“Maybe there was intentional blindness but it was there. It wasn’t just a split second and he let it go on. So if he missed it, I personally think that’s all wrong with him.
“On the other hand, if he watches it and feels like there’s nothing serious, that’s another very important issue. And the truth is I think there’s enough time to watch it and when you look at the video, whether you like it or not, it’s a semi-criminal because he peeks a few times .
“On the topic of playing with the whistle, the truth is that both groups of players did that. Jota was playing on it because he knew he was along with the players on the ground as well, so something happened.
“The assistant referee sees it where he can see the players on the ground are playing Jota on the other side. So if they miss it, they can do better and if they ignore it, they can do better.”
Should Newcastle have received a penalty?
With the match balanced 2-1, Newcastle felt they should have taken a penalty when Trent Alexander-Arnold appeared to pass through the back of Ryan Fraser taking some of the ball while inside the penalty area.
The incident came under increased scrutiny as it occurred 24 hours after Vladimir Koval was sent off as Arsenal awarded a penalty in their 2-0 win over West Ham, despite the full-back winning some ball in the Alexandre Lacazette challenge. .
Dermot’s rule: The right decision not to sentence the penalty.
Dermot says: “It’s a really tough call. You look at it over and over. Different people have different opinions. The referee can’t be sure it’s a penalty, so it gives the defender the edge of doubt as he has to in law.
“He was going to discuss it with the VAR, but due to the tightness of the matter, they can’t overturn it because there was no clear and obvious foul. They can’t re-articulate the match, so they have to follow the original decision. Based on the evidence he got, he can’t. Submit a penalty.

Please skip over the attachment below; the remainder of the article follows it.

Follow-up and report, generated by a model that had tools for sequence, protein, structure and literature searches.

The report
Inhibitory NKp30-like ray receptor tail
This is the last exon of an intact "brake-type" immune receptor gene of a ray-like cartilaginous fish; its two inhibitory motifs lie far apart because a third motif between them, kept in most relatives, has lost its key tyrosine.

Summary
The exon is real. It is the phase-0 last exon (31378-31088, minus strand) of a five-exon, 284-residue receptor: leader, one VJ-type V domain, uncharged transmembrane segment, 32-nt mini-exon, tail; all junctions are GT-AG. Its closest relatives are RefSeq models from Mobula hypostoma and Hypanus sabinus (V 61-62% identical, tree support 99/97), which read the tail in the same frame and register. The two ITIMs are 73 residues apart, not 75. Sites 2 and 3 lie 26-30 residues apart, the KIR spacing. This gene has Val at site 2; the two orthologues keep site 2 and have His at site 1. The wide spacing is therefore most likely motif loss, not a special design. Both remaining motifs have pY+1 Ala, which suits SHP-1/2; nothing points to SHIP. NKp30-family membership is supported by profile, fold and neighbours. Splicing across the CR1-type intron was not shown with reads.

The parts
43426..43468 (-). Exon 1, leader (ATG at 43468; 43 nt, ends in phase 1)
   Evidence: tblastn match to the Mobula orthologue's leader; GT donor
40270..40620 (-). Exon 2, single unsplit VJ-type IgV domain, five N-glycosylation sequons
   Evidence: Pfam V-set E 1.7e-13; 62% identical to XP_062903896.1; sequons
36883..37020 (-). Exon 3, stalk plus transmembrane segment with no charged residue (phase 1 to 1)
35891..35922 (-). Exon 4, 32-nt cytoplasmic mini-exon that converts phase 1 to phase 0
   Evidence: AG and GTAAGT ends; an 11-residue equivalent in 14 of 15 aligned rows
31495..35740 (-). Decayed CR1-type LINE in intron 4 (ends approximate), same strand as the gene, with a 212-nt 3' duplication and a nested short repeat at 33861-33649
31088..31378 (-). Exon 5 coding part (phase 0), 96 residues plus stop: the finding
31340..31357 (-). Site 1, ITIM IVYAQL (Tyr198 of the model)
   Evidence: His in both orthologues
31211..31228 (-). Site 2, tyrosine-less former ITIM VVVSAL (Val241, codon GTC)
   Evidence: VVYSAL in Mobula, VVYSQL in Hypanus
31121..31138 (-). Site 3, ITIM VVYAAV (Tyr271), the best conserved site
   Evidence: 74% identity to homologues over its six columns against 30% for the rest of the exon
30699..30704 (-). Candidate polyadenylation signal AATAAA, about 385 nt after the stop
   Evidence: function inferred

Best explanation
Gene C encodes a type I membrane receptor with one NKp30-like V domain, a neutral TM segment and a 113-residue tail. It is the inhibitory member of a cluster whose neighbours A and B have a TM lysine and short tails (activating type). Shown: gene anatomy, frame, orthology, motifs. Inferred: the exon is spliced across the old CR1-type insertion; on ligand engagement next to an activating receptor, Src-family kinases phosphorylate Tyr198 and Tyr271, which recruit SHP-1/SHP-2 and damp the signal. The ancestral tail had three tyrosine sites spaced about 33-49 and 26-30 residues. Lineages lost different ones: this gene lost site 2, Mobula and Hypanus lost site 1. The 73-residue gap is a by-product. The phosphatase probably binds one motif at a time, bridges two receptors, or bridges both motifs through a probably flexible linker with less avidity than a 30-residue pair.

“He can only go to the screen if the VAR feels he has made a clear and obvious mistake. The VAR can’t say he made a mistake, so if you send him to the monitor for that, you ask him to return the referee. The game that is not part of the game. of the protocol.
“Play should have stopped – player removed”
Headway, the brain injury charity, has stressed the importance of stopping football matches when a head injury occurs, after a controversial goal scored in Thursday night’s match between Liverpool and Newcastle.
“Recent injuries to players like Ryan Mason and Raul Jimenez show how important it is for head injuries to be taken seriously in the sport,” said Peter McCabe, Chief Executive of Headway.
“Without immediate specialized medical intervention, the outcomes in both cases could have been much more dire.
“Referees will always be under more pressure at potential goals-scoring moments to allow play to continue, but players’ health and safety must be the first and only priority.”
The charity also questioned why the Newcastle defender was allowed to continue after manager Eddie Howe said he had been dizzy for four or five minutes as a result of the collision.
“The concussion protocols are quite clear. If a player is suspected of having suffered a concussion, they should be removed from the field of play and not allowed to return.
“Being in a stupor is a sign that something is not right and a concussion may have occurred. In such cases, the correct thing from a player welfare point of view is for Isaac Hayden to be replaced using the concussion substitution rule.
“If the temporary concussion rule that Headway has long advocated was an option, the player would have been easily evaluated for a longer period. The fact that he got dizzy after the match is concerning.
“In the end, we’re left once again saying ‘the lessons must be learned’ when it comes to concussion in football.”